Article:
Samsung can't ditch Google in favor of Bing search on its smartphones after all

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On Sunday night, the New York Times posted an article on Google's AI search plans. It included a mention that Samsung was reportedly thinking about using Microsoft's Bing search engine as the default instead of Google Search for future Galaxy smartphones and other Android devices. This story may have had an effect on Google's stock price Monday, as it went down 2.5 percent.

However, Andreas Proschofsky, a reporter for Austria's derStandard website and newspaper, posted on Twitter Monday to say it might not be possible for Samsung to ditch Google Search for Microsoft Bing, at least in some markets like the US.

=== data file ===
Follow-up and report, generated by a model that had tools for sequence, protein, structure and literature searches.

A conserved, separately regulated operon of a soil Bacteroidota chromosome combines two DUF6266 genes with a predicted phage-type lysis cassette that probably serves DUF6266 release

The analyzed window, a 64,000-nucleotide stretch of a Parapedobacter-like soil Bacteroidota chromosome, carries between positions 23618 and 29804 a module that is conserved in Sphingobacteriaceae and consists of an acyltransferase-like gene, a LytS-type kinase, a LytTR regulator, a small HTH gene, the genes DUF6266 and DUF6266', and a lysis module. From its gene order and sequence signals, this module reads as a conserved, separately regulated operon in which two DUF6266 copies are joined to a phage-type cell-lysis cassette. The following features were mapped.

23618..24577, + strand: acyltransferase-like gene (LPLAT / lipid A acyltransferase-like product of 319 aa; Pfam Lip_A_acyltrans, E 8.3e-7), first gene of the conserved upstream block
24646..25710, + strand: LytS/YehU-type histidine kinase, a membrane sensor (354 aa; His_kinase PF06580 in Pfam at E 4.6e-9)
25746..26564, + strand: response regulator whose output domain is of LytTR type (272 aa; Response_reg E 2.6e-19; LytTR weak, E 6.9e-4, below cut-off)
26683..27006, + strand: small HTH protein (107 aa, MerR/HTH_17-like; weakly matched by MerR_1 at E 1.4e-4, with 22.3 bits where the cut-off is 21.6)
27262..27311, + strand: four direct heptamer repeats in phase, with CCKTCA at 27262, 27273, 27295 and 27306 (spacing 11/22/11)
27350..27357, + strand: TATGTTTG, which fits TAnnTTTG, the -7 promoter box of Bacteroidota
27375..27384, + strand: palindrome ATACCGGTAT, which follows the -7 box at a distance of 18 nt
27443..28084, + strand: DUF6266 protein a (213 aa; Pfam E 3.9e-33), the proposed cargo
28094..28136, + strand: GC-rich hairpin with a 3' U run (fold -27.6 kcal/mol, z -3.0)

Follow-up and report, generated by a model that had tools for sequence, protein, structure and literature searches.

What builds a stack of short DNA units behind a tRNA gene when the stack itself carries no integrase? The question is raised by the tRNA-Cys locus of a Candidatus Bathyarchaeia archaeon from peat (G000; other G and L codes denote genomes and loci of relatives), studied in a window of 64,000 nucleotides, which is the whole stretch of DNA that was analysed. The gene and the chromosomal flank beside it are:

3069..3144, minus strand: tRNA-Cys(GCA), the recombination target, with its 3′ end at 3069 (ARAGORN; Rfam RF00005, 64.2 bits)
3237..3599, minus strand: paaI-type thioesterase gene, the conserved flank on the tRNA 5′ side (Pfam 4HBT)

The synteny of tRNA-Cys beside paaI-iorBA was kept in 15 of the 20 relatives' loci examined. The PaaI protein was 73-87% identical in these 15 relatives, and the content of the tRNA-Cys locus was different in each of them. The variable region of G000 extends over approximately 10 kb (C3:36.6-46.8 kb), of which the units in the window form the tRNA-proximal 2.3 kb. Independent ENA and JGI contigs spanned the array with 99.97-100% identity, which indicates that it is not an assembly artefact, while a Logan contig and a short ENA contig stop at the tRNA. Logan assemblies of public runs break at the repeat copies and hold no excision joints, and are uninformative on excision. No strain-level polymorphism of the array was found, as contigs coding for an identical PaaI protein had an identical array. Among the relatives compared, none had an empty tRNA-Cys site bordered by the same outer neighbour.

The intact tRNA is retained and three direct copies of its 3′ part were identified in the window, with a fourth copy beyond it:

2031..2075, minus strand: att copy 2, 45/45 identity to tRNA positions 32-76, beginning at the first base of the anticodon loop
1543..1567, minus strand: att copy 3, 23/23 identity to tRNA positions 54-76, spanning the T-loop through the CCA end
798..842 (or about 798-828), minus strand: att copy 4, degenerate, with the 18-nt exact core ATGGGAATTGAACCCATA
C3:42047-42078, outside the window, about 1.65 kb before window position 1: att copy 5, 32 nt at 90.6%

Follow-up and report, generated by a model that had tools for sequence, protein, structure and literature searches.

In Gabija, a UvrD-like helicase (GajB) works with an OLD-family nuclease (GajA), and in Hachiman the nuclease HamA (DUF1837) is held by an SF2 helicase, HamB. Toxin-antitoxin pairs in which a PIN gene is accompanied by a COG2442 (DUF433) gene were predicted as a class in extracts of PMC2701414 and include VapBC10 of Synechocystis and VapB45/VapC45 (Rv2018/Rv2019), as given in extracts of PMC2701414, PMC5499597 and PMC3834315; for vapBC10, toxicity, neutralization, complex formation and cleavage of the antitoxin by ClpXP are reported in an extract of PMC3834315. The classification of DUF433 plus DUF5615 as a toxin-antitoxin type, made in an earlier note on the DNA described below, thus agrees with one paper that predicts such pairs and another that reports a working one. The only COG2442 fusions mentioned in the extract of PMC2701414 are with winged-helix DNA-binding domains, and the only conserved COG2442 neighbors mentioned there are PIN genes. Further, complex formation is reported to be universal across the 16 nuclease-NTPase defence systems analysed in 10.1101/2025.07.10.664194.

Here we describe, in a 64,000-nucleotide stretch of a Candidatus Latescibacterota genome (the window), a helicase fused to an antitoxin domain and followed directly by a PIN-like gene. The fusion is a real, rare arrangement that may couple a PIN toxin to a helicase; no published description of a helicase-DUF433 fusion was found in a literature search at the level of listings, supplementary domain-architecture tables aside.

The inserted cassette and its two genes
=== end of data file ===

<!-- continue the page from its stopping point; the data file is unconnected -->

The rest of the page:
He points out that any company that wants to make an Android-based phone with Google's services must comply with its Mobile Application Distribution Agreement (MADA). It states that phone companies that want the Google Play Store installed on their devices must also set up Google Search as the default search engine.

Some markets like Europe and India are a bit different. Proschofsky says those Android phones have a search engine choice screen that's required by some regulatory bodies. However, it still means that companies can't really get rid of Google Search entirely.

So, either Samsung is going to completely ditch Google's services on its future Android phones to get Bing as the search default, which seems extremely unlikely, or the New York Times story was in error. Proschofsky says there are other avenues where "Samsung could put pressure on Google", but it seems the threat of switching search engines is not one of them.

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